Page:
The UAE and Mars

The UAE are going to Mars in the future apparently, in a venture called Emirates Mars Mission. Maybe over there in a hundred years they’ll have a theocratic Martian-sheikh-dictator, imprisoning rape victims under adultery laws, giving the death penalty to people on the basis of their sexuality and deporting or handing out four-year prison sentences foreigners with drug addictions, or even having traces of drugs on your clothing.

They’ll probably use an army of slave labour working 21-hour days, like they did to build a plastic shithole metropolis, littered with congested twelve-lane highways, the bodies of migrant workers and verdant golf courses in the middle of the desert. The second they embark on their extraterrestrial journey they’ll confiscate their Earth passport, inform them that if they want to escape their hellish contract they’ll need to get their own spacecraft, that it was their choice to go there anyway, and that they should just give in and grin as a space-bound totalitarian state stamps on their face with UK-made combat boots

The UAE is one of the least sustainable and most polluted nations on Earth (by many measures: water stress, carbon footprintrising salinity of seawater, fishery depletion, ecological footprint in global hectares, and air pollution) but is somehow going to get its shit together, entice a couple of investors and magically create a self-sustaining, isolated colony on Mars? I wonder how they’ll ship customized luxury cars and polished marble flooring all those millions of kilometres. Maybe Abu Dhabi will just chuck $20bn at the project – like they did with Dubai during the financial crisisor maybe they’ll keep letting mafia and terror dollars roll in to fund it. Either way, it’s probably a load of horse shit, looking at the long list of failed projects—most of which were ecological disasters and (personal opinion) aesthetic monstrosities. The images they’ve used for the Mars project are as fantastical and ludicrous as the images of the massive geoengineering projects—featuring hundreds of clumps of rock and sand sitting idly, imported live dolphins from the Solomon Islands and half-shut monorails that don’t connect with the rest of the transport system—and underwater hotels (so people can see all the sea life that’s been destroyed from building all  those ridiculous islands from a luxurious hotel room) they planned, a lot of which, unsurprisingly, never materialized.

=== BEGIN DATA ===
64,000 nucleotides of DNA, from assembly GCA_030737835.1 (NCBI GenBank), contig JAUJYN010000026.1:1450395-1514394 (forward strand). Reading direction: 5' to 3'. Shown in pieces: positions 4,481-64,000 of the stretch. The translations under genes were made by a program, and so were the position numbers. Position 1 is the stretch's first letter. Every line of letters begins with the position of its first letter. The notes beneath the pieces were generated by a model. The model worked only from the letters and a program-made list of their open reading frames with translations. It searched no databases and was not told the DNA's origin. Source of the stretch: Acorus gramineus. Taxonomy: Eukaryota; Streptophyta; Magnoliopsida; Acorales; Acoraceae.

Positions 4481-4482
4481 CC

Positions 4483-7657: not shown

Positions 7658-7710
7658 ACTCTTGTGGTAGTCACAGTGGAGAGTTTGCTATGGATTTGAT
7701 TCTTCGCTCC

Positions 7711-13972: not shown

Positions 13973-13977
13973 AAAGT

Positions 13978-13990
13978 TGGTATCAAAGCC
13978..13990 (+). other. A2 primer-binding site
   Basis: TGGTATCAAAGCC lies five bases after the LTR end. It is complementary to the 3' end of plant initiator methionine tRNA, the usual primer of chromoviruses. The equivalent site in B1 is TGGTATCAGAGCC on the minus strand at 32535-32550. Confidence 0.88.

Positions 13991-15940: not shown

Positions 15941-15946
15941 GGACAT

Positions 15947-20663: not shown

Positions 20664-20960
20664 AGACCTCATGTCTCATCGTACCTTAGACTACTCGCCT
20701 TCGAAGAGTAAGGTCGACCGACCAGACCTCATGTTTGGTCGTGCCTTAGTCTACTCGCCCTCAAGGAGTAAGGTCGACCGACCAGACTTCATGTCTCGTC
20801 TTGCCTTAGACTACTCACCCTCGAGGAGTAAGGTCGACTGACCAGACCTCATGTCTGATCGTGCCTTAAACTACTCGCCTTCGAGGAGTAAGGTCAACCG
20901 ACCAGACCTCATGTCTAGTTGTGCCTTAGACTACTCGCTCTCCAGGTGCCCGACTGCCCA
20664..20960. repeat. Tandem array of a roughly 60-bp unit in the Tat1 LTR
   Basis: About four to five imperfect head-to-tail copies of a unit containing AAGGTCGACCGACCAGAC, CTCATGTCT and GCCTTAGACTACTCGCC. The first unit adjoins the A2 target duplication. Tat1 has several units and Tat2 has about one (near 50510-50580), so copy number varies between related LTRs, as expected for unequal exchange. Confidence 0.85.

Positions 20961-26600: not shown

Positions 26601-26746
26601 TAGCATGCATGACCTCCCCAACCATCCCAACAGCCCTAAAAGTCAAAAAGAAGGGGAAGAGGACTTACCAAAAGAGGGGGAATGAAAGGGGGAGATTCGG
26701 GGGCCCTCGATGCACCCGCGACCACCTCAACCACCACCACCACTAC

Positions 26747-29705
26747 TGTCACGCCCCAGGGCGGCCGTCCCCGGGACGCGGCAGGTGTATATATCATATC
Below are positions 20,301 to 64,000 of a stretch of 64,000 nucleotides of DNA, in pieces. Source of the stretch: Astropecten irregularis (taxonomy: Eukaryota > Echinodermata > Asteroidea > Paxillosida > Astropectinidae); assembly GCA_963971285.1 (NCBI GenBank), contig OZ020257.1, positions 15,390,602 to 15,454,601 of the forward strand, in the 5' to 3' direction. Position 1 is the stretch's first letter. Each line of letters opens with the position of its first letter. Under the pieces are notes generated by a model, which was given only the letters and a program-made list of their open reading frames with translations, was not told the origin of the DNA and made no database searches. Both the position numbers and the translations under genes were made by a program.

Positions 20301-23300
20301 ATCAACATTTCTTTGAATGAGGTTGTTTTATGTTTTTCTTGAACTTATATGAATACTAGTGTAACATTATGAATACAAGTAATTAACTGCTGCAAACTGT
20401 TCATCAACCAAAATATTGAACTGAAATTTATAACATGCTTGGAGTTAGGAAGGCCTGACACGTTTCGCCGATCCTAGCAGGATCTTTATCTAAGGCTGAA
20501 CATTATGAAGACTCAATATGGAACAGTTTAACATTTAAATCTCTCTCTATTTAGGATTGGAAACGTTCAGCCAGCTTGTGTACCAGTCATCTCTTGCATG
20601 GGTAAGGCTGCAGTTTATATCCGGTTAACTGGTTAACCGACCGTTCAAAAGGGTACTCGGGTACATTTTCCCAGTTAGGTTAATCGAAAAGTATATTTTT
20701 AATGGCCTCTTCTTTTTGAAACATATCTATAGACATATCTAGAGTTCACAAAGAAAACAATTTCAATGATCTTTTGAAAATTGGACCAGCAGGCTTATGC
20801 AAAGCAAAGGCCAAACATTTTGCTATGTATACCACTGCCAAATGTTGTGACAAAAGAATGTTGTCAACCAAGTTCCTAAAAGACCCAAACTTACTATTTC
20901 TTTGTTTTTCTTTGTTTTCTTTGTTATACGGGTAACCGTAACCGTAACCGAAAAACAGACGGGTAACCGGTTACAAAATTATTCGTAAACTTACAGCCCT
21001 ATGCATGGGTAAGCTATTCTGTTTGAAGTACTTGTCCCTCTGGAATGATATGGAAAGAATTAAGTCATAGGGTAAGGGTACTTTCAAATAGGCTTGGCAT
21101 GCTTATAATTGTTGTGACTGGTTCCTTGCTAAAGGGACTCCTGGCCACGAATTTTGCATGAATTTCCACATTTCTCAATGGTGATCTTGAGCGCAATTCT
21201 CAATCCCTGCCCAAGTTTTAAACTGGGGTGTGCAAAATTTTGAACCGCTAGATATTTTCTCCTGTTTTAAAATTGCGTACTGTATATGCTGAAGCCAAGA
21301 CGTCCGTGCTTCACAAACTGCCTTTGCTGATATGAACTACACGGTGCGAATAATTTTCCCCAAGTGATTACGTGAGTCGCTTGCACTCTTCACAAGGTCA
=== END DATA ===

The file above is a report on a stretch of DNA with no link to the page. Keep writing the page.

It’s all big cosmic visions for an country that denies even a sprinkling of human rights and that seems to plan its development like a spoilt child, ignoring all ecological and logical limits. Maybe it’s an escape tactic: once the Earth has been squeezed of its natural resources it will be left to rot, and the UAE’s strange ideological mix of Western neoliberalism and religious fundamentalism will  hop on a rocket and flee to other planets.

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